The world is littered with people who accomplish extraordinary things. Many, if not most, go unnoticed. They live out their lives subtly influencing the planet with no thought about getting anything in return. Their accomplishments make a statement and set a standard for the rest of us to live by. Rarer still are the people who can physically astound and inspire us, while at the same time set a higher standard of living. Jared Campbell is one of those people. His accomplishments in the world of ultra running are pretty well known. Those done under the radar and in the backcountry, not so much. But the least known about Jared is his dedication to living a greener, cleaner lifestyle.
Jared Campbell is a husband and new father, is a full-time employee of a major company, and a grade A BADASS. He won the Hardrock 100 in 2010, finished the Barkley Marathons in 2012, has placed top 3 at the Wasatch 100, and has a number of top 5 finishes in other insanely difficult 100 milers. When he’s not racing (which isn’t often these days) he can be found somewhere in the bowels of Zion, NP or traversing one of the nastiest link-ups in the
Jared and Karl M on an early Zion Traverse
west – the WURL (Wasatch Ultra Ridge Linkup).
On a more subtle note, Jared has worked diligently over the last several years towards clean energy independence. With the worsening air in the Salt Lake Valley, UT he has worked to reduce his personal impact. In 2012 Jared hosted his first Running Up For Air – a non-profit fundraiser to earn money for Breathe Utah, another non-profit who is attempting to bring awareness to and help to avert Utah’s pollution issues. In 2014 iteration of Running Up for Air – Jared made the 3300 foot climb to the summit of Grandeur Peak and back an amazing 12 times in just under 24 hours (23h 57 min). In case you’re doing the math – that’s nearly 40,000 feet of vertical ascent!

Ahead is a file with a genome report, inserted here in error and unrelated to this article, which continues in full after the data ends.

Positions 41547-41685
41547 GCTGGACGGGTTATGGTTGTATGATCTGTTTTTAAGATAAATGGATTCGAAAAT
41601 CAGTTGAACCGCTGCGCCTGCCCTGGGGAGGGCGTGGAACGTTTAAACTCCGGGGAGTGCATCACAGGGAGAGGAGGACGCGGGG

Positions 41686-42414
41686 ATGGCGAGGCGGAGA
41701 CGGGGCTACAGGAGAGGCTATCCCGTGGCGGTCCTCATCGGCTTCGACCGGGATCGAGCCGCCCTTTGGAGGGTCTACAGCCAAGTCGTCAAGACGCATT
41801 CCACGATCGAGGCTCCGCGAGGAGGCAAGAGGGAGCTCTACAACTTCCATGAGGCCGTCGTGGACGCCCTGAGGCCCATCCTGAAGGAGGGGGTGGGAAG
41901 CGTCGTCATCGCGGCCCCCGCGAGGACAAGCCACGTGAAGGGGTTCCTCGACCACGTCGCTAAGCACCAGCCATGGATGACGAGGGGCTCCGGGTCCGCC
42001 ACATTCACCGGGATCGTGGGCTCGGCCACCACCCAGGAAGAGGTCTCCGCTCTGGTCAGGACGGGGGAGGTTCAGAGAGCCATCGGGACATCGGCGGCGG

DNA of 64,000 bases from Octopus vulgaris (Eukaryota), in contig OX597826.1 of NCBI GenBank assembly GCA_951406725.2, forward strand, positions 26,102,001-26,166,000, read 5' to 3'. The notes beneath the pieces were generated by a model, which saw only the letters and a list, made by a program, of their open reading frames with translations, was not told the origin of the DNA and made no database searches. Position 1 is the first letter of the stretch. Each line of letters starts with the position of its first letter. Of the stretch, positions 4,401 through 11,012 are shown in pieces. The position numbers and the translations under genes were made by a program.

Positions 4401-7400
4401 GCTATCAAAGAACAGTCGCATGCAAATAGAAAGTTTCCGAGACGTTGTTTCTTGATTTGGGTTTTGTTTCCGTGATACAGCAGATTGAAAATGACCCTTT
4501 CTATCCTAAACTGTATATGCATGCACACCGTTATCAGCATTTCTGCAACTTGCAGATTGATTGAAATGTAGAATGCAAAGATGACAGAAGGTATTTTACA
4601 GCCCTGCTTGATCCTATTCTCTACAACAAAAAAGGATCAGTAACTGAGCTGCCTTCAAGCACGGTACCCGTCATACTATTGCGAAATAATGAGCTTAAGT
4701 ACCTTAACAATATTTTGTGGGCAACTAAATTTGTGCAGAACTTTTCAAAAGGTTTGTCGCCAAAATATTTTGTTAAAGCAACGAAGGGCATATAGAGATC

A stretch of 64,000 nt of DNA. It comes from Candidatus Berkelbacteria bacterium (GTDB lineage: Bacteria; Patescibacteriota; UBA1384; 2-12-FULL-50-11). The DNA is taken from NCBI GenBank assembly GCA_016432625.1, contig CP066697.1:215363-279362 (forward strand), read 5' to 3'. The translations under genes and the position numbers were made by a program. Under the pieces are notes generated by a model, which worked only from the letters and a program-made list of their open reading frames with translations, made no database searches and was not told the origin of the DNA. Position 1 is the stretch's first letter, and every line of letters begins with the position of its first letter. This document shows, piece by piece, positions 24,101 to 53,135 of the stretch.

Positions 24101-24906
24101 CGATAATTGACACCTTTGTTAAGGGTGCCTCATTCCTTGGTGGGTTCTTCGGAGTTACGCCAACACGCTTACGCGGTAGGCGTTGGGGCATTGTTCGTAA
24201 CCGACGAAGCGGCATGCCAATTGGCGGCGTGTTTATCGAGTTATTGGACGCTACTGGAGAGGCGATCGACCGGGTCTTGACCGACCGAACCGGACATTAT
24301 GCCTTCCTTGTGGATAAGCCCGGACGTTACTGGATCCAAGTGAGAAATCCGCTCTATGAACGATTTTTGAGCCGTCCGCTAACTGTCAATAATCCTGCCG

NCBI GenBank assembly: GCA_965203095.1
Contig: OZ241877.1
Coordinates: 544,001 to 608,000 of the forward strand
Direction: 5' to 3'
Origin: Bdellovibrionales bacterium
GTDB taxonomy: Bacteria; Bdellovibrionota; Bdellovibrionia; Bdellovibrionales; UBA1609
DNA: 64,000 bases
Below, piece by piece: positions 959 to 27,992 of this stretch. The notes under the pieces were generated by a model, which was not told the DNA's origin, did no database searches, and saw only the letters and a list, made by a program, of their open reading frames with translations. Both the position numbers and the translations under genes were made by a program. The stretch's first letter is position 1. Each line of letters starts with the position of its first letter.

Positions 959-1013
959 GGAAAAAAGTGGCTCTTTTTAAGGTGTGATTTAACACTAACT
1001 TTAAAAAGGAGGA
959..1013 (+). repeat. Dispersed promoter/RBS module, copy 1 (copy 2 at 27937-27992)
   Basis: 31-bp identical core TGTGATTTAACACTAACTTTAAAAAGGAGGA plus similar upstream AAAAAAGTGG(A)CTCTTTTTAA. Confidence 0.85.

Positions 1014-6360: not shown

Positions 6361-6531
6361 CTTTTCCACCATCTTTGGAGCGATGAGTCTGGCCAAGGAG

We met with Jared to discuss his vision for RUFA (Running Up For Air) and what drives him to live the way he does. So we will quit talking and let him explain it in his own words.
TAUR: What motivated you start Running Up For Air?
JC: I really like to run up snowy peaks in the winter. Often it involves post-holing by headlamp, which I find a strange satisfaction in. Laying in a track on a route that can been seen from the adjacent neighborhoods seems to motivate others to get out as they can “see” the track the next morning. Sadly, during winter inversions, it usually means starting “in” the pollution and climbing up and out of it, literally running up for air. On average the ceiling of the pollution is between 6,000-7,000, which means that a jaunt up Grandeur almost guarantees climbing up and out of it and the cold dense air in the valley. It’s often surprisingly pleasant up on top.
After some good jabs from close friends about how often I can be found slogging up Grandeur, I decided to turn my obsession into something constructive. Given that I think about the pollution during most winter ascents, I figured I’d create a crazy challenge and turn it into a fund-raiser for a local group working to improve the situation. After asking around I was connected with Breathe Utah and the event was quickly born.
TAUR: Tell us about your background and focus to live a ‘cleaner’ lifestyle (specifically with solar energy, etc)?
It was always a dream of mine to create all the energy I use at my house. In 2009 I installed a PhotoVoltaic (PV) solar array on my garage and quickly eliminated my electricity bill. PV is a “gateway drug” to energy efficiency and self-sufficiency. Over the next 2 years my wife and I studied, planned, and eventually tore our house to the ground (it was in pretty bad shape) to re-build it into a net-positive oasis. It incorporates passive solar
design elements to simply utilize the free energy from the sun. Backup heat is electric and harvested from the PV array. It worked so well that in 2012 we added an electric car to the picture and sold our gasoline powered truck. With the exception of one month this winter we haven’t had a single utility bill for heating, hot water, lighting, and appliances, or gasoline for one car. There is no reason why any of us should be “owned” by the lifetime payment plan that society has worked to ingrain into our culture. Anybody can, and should, create their own energy!